I learned about which agents I wanted to submit to. I learned that literary agents are just other humans with feelings and experiences and lists they need to fill. But, they held all of the power to all-out reject my manuscript based on whatever mood they were in or what they thought the market looked like or if they saw a tiny glimmer of potential or if they were in a bad mood bc they just broke up with their boyfriend or the coffee-guy made their coffee with *gasp* soy milk instead of almond milk (the pain! The drama!) Or maybe I didn’t spell their name right—but they never took the time to type mine out. They’d just send out a “form” rejection-the same one they’d send to every other bottom-dwelling wanna-be writer. I was left at the mercy of their whims and my heart tore up every time I got that inevitable “just not the right fit” rejection.


I learned after many, many rejections to harden my heart. To take my ego and self-worth out of the entire querying process. It’s a business. The agents go with what will make them money. They pick out maybe 1-4 manuscripts a year to put their faith in while all of the other thousands of query-ers from that slush pile burn up in a dumpster fire of despair. It’s not because literary agents are heartless jerks (some might be but most are good, book-loving individuals who really want an author to succeed. They have to freaking love a manuscript to go through the years of hard-work and effort to make that happen. Agents also run a business and they need to eat. It was nothing personal. I was not a failure. But it still hurt. Looking back, I know I wasn’t really ready to query, but I needed all of those experiences just the same.


I took a break from querying. I took a break from social media. I took a break from all of the things that pushed and pulled at me and told me I wasn’t good enough. I got help for my depression and slowly emerged from my black pit of a cocoon stronger, smarter, and not quite so butt-hurt. Also, good to note here is that my husband, Dave, is the kindest, sweetest, and most loving human being in the world and he’s supported me every step, slip, and fall along the way.


I entered a competition called #writementor and was actually chosen to get my manuscript into shape by the lovely Bonnie Swanson. With her help and with my heart removed, we slashed through the manuscript. We took out the unnecessary stuff, all the while building on the heart and strengthening the story. I took my book from 130,000 words down to 96,000. NO agent will hardly even look at a Young Adult book over 100,000 words. Most will dismiss them out-right without even glancing at the summary. They figure, if you’ve done your homework, you should know the industry standards. YA books are generally 75-90,000 words.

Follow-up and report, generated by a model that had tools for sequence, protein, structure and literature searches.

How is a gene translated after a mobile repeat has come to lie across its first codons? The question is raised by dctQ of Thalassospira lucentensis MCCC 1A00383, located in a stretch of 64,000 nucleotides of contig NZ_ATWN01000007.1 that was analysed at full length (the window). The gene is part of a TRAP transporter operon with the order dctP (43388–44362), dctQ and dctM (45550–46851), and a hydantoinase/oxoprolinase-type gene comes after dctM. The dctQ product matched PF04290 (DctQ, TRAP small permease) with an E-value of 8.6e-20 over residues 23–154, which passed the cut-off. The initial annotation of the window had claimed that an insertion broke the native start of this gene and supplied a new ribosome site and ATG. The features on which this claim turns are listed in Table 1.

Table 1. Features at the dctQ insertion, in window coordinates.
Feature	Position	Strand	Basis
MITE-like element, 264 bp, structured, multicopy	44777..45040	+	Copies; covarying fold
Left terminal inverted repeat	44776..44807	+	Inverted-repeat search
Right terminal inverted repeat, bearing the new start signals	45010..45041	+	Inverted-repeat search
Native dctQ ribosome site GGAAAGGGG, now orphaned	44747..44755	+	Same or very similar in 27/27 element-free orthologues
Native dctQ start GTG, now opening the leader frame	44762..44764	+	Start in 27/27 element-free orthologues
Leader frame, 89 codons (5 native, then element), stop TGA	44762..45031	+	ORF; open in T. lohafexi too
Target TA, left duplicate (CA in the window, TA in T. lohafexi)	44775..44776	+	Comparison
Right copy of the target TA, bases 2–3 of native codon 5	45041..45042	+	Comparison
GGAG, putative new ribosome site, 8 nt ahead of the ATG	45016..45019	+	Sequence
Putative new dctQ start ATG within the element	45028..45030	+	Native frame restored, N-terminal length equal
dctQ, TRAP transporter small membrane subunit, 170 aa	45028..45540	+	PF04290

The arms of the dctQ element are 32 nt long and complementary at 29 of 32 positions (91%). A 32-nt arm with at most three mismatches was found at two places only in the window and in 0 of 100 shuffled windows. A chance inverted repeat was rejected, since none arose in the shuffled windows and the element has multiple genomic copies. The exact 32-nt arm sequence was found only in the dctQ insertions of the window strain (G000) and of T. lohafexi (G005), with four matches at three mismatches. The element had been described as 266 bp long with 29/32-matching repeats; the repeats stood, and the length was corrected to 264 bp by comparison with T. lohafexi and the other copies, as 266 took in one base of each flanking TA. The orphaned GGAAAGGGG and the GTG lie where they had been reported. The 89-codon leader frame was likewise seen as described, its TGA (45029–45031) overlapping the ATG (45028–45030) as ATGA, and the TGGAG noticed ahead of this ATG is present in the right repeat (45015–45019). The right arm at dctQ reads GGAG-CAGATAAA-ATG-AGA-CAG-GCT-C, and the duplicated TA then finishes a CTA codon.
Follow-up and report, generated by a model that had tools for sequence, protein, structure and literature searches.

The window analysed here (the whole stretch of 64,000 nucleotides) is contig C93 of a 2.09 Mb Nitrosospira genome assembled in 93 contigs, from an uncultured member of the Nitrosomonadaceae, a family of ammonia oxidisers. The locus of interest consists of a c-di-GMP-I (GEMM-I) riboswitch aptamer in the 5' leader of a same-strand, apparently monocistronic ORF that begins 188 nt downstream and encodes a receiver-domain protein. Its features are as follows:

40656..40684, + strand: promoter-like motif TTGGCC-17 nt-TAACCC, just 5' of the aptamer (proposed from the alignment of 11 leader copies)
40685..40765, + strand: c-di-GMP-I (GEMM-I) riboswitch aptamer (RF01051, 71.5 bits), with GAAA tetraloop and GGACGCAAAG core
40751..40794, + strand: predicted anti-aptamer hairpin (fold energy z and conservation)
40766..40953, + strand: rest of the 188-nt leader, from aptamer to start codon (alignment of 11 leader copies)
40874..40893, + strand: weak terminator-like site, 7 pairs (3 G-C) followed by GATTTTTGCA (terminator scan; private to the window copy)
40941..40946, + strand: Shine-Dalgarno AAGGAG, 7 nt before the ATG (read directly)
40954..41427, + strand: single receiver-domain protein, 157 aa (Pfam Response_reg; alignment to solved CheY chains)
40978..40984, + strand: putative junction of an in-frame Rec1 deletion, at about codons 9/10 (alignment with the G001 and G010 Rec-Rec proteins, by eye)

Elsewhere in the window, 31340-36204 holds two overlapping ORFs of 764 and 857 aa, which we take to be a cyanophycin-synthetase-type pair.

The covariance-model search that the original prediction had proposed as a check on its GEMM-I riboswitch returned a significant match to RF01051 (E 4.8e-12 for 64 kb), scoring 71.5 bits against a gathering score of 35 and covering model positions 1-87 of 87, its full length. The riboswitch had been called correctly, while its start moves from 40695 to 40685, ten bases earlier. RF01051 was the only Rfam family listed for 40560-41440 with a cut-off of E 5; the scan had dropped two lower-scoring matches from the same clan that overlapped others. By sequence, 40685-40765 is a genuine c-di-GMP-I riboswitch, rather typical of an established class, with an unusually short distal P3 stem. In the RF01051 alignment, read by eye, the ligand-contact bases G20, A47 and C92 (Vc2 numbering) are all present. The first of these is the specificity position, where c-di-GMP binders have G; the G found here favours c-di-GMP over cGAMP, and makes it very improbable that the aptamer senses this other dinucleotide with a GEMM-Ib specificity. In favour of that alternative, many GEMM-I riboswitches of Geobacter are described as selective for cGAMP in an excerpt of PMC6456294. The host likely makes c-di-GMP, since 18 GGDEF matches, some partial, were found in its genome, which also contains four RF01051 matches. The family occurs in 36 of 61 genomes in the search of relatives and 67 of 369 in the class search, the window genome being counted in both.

For your info:

The Selection, by Keira Cass: 80,248 words

Cinder, by Marissa Meyer: 87,661 words

Twilight, by Stephanie Meyer: 118,975 words (a crazy fluke for an unknown author to write one that large)

Harry Potter and the Half-Blood Prince: 168,923 words


But who was I? I was a nobody. I had to get real about my word count. I had to learn about how to make someone feel connected to the character without a billion backstories and conversations. I still have all of them. All of the sweet moments of conversation in the kitchen, the backstories, the thoughts. They sit happily in my writing folders. But they are no longer in the story. Somehow that made it stronger.


I queried again, this time emboldened by my new knowledge and friends. More rejections followed. More “tea” about literary agencies who didn’t pay their authors or were under fire for inequities, etc. So much drama in the literary world. I won’t even bring up the writer/or agent? who was cancelled because her astronaut husband tried to kill her, put her in a diaper, but then she defended him, wrote some crazy stuff and was “cancelled” because she was on parlor. Most of the time, the drama and accusations are swift with harsh consequences for the author/agency and the mob takes no responsibility for the damage they’ve caused. They’ll just move on to the next victim.


All this to say that finding an agent and agency is a tricky path. It’s the “traditional” path, but it’s changing. The entire publishing industry is changing to catch up to digital sales, marketing (that is no longer controlled by the big 5 publishers), and book shops/libraries closing down around the world—due to covid or otherwise. Ask any author published in the last ten years, five years, or one and they’ll tell you it’s all different.

I had this idea in my mind, this extremely naïve idea—that I would snatch up an agent, get a publishing deal, then let those experienced people take care of everything else while I moved on to writing my next book. But, the more I looked around, the more I realized that what I truly wanted was a small publisher. An indie. A company I knew took care of their authors. I found the company Immortal Works. My old friend from Virginia, C. F. Krietzer, had just published her book Blood Numbers through them and was very happy with her experience. My other friend and critique partner, Amy Michele Carpenter, author of Becoming Human, also had a book coming out with Immortal Works.

So, I took a leap of faith and sent in my manuscript. Three days later I received the letter I’d been waiting for! A “yes we love your book! We want to represent you!”


Immortal Works receives hundreds of manuscripts a year, but they chose mine to champion! After the contract was negotiated and signed (luckily my lawyer bro-in-law navigated that for me), I got to work on my self-edits. I really like Immortal Works so far.

They take the time with their authors, have very professional editors, and have answered any question I’ve had with a flood of knowledge. Right at this very moment, my editor has my manuscript and is doing her first pass. In a month it’ll be my turn to implement the edits and the work continues on!